A New York City narcotics detective reluctantly agrees to cooperate with a special commission investigating police corruption. However, he soon discovers that he's in over his head, and nobody can be trusted.
Frank Galvin was once a promising Boston lawyer with a bright future ahead. An incident early in his career in which he was trying to do the right thing led to him being fired from the prestigious law firm with which he was working, almost being disbarred, and his wife leaving him. Continually drowning his sorrows in booze, he is now an ambulance chasing lawyer, preying on the weak and vulnerable, and bending the truth whenever necessary to make what few dollars he has, as he has only had a few cases in the last few years, losing the last four. His only friend in the profession is his now retired ex-partner, Mickey Morrissey, who gets Frank a case, his fee solely a percentage of what his clients are awarded. The case should net Frank tens of thousands of dollars by settling out of court, that money which would at least get him back on his feet. It is a negligence suit brought on behalf of Deborah Ann Kaye by her sister and brother-in-law, Sally and Kevin Doneghy, against St. Catherine...Written by
James Mason was anxious to work with Sidney Lumet again, and although the actor was offered the part eventually played by Jack Warden, Lumet didn't believe he wanted to do it. At the prompting of his wife, Mason called the director and, fortuitously, Burt Lancaster, who was set to play Concannon, dropped out, and that opened up the role for Mason. See more »
When Frank first sees Laura at the bar he offers to buy her a drink and she refuses. This playing 'hard to get' would run the risk of him never approaching her again. See more »
It seems to me, a fellow's trying to come back, he'd take the settlement, get a record for himself. I, myself. would take it and run like a thief.
I'm sure you would.
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NBC edited 33 minutes from this film for its 1985 network television premiere. See more »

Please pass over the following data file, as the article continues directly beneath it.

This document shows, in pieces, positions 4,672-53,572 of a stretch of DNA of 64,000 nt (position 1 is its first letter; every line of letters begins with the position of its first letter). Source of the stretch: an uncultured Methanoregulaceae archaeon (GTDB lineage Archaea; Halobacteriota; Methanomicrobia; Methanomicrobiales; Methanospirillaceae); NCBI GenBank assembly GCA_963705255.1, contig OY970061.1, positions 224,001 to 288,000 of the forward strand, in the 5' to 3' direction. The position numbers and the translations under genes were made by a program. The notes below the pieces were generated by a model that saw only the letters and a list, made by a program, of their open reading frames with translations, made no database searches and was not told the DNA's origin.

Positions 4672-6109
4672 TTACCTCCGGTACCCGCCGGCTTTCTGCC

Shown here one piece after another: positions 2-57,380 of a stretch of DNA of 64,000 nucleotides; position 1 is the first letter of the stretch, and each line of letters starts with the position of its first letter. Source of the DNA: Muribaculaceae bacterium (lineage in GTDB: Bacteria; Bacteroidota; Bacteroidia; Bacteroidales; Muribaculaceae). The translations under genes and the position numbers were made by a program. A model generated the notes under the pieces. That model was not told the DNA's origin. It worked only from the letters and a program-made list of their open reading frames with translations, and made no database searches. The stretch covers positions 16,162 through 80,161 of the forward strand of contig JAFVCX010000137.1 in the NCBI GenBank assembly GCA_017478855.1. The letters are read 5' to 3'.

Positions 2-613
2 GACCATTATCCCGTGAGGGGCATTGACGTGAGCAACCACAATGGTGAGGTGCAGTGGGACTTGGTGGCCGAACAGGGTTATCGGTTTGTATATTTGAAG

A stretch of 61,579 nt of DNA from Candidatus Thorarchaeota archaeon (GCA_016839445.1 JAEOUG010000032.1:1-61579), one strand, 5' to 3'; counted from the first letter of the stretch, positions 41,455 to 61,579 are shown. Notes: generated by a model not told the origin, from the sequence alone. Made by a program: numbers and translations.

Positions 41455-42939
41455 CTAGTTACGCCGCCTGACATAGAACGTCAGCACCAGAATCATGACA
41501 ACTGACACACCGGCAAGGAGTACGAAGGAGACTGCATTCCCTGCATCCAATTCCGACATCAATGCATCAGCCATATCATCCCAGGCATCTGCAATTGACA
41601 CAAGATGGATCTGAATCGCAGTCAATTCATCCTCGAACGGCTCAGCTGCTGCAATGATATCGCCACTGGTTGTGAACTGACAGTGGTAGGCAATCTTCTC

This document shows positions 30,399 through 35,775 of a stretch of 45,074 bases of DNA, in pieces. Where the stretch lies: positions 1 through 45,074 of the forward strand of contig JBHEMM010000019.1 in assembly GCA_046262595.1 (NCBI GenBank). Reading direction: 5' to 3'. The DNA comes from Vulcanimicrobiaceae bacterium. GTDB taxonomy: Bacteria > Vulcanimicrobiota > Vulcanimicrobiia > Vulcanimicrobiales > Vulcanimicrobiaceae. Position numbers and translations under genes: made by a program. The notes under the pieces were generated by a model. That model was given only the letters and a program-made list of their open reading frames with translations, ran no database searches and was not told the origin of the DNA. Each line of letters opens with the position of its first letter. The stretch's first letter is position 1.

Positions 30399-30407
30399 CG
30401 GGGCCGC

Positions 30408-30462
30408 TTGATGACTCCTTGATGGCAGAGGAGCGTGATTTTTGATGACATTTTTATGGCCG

It'll be difficult to find a better courtroom drama.
"The Verdict" has to be called one of the finest courtroom-law dramas of all time, certainly a movie which deserves more recognition than it actually received over the course of the years since its publication. While the plot itself remains rather grounded and straight-forward without any particularly groundbreaking elements, Paul Newman's masterful performance as well as the great supporting actors and actresses are what helps this drama in succeeding at depicting what it aims to depict.
Newman plays an attorney who needs to pull himself together from his drinking problem in order to win a lawsuit surrounding the case of a woman suffering severe brain damage at a hospital. It should come as no surprise that Newman completely immerses himself in the role in a way only Paul Newman can be expected to. The dialogues are another main part of the movie's most intriguing aspects, flowing so well together that it's almost impossible to lose attention of what's happening. At its heart, the movie is not just a courtroom drama, it's about humans dealing with their personal conditions and problems, and it's a movie which knows how to form a bond with viewers and keep them connected to the characters.
Sadly, the movie has not reached a status as a classic of the 1980's. Perhaps it simply was not memorable enough to most viewers, or perhaps it is too fine a movie in a decade remembered mostly for action movies, horror flicks or comedies. However, if you love watching a great performance in a great movie, then "The Verdict" cannot be recommended highly enough.
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